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Act/React: Gallery Visit

This exhibition was truly one of a kind. A group comprised of Daniel Rozin, Janet Cardiff, Scott Snibbe, Camille Utterback, Liz Phillips, and Brian Knep created an interactive, digital installation unique to the Milwaukee Art Museum and its viewers, including myself. There were a myriad of different medias used to comprise this entire exhibit as each piece brought its own special aspect to the table. It was arranged so that each artist’s pieces would be fairly secluded allowing it to be interacted with without the curiosity and distraction of the other pieces

The first two pieces are by Scott Snibbe. On the floor was a huge screen and when walked on lines would form in and close in on the viewer/participant. Straight ahead was the piece, Deep Walls, where the individual would walk past the wall and their movement would be recorded in an a separate box on the wall in silhouette form. The motion would be repetitively displayed until all the boxes were filled and it would be bumped out.

The next exhibit was in a small room called, Echo Evolution, by Liz Phillips. She invented systems that create an interactive and multi-dimensional sound-landscape. The more body mass the system detects, the brighter the neon lights get and the louder the music in the speakers get.

Right outside the room was a 30x20ft interactive floor piece called, Healing Pool, created by Brian Knep. In this piece the “viewer? walks on the floor of a computerized orange and yellow lava-like substance. As the person walks, the lava parts and leaves a path that slowly oozes back together.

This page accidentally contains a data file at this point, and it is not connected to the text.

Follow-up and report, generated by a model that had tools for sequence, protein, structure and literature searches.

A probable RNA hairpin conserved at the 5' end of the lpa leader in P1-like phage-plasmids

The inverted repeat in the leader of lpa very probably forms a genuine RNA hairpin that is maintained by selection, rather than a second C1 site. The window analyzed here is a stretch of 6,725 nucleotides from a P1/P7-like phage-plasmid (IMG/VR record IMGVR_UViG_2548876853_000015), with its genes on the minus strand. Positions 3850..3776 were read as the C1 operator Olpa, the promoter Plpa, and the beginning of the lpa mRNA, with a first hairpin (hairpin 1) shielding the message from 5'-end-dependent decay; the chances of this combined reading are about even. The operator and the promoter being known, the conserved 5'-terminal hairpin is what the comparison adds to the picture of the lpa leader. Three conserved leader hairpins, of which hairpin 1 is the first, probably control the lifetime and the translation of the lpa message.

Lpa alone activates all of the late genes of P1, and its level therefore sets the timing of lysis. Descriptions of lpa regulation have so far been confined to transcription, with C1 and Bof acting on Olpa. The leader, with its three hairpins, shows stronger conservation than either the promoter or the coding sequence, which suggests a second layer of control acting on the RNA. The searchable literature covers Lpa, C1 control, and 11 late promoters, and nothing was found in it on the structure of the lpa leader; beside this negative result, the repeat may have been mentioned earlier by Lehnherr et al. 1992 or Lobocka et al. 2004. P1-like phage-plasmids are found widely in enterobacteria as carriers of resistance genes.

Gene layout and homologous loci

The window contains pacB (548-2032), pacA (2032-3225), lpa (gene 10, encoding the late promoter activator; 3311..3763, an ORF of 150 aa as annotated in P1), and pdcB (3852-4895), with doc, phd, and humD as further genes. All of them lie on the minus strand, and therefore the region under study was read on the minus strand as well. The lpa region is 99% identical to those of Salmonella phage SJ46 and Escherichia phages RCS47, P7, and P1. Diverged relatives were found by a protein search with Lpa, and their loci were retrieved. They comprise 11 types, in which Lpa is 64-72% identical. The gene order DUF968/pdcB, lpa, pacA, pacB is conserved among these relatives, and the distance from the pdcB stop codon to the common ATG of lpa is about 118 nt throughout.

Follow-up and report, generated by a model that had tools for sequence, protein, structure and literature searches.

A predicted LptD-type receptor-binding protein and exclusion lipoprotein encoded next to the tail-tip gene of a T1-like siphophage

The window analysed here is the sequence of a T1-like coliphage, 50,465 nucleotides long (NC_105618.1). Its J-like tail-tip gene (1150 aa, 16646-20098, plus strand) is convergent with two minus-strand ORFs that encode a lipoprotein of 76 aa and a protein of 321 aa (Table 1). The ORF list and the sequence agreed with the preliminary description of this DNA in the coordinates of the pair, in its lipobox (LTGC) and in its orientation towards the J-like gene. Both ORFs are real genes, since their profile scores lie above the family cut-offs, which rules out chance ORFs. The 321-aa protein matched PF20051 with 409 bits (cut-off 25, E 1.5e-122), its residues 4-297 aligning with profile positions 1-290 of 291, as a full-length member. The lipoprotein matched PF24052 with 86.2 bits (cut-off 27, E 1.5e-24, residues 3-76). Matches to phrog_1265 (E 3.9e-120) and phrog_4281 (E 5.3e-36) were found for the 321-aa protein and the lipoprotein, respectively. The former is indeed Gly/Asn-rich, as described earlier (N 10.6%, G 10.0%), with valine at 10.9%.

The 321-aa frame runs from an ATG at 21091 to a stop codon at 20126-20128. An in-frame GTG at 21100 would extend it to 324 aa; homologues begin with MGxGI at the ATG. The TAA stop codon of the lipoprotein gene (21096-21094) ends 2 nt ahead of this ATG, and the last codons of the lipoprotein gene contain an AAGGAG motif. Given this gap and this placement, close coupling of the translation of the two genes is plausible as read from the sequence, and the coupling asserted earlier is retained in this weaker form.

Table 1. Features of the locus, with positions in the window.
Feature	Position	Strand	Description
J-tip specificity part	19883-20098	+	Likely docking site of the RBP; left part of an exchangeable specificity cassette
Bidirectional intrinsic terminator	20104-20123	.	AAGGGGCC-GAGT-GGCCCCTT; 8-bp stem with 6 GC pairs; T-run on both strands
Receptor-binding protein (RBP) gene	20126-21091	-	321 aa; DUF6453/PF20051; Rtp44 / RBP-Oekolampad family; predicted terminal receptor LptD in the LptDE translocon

Janet Cardiff’s piece, To Touch, was in another small, dark lit room. A battered, wooden picnic table took presence in the middle. The idea is that once the table is touched a story would be spoken via speakers hidden somewhere on the wall.

The piece that stuck out to me the most was Daniel Rozin’s Snow Mirror. There is a huge screen of transparent fabric hanging in the middle of the room with a video camera underneath it. Rozin’s piece is a “metaphorical mirror? that explores the nature of new media – in some pieces junk, chrome spheres or the static of television become the pixels of a video camera image. When the viewer stands still, these pixels fall as snow does onto the fabric and creates the reflection of the viewer, hence the name Snow Mirror.

Camille Utterback’s three pieces all explore human interaction in an artistic environment. There are three big screens on the wall and as the viewer moves about, they “paint? the screen. These pieces react to human motion creating unique innovative pieces within a piece.

The main theme throughout these works somewhat differs between the pieces, however; it is clear that the title of the exhibition: Act/React, implies a significant statement. The world is an interactive place, and just as physics suggests; every action causes a reaction. Art typically is just a painting, drawing or sculpture (and obviously more) that we look at and at its best changes us, the viewer. In this exhibit, the viewer is in charge of what the reaction is and his or her interaction with the piece causes the change. This mirrors how in real life everyone needs to be responsible for his or her own actions. We are in charge of everything, whether it be our lives, our actions, the environment or a situation. This exhibit engages this idea in a lively, interactive way, making a fairly subtle yet significant statement.

I would not only tell a friend about this exhibition, I would encourage a friend to come with me and partake in this unique, interactive experience. Though I have been there before, it is different and just as thrilling every time you go. Not only is it enjoyable to interact with the art, it is also interesting to see everyone else’s interpretations. Being able to create work as the viewer is a one-of-a-kind experience that people need to take advantage of.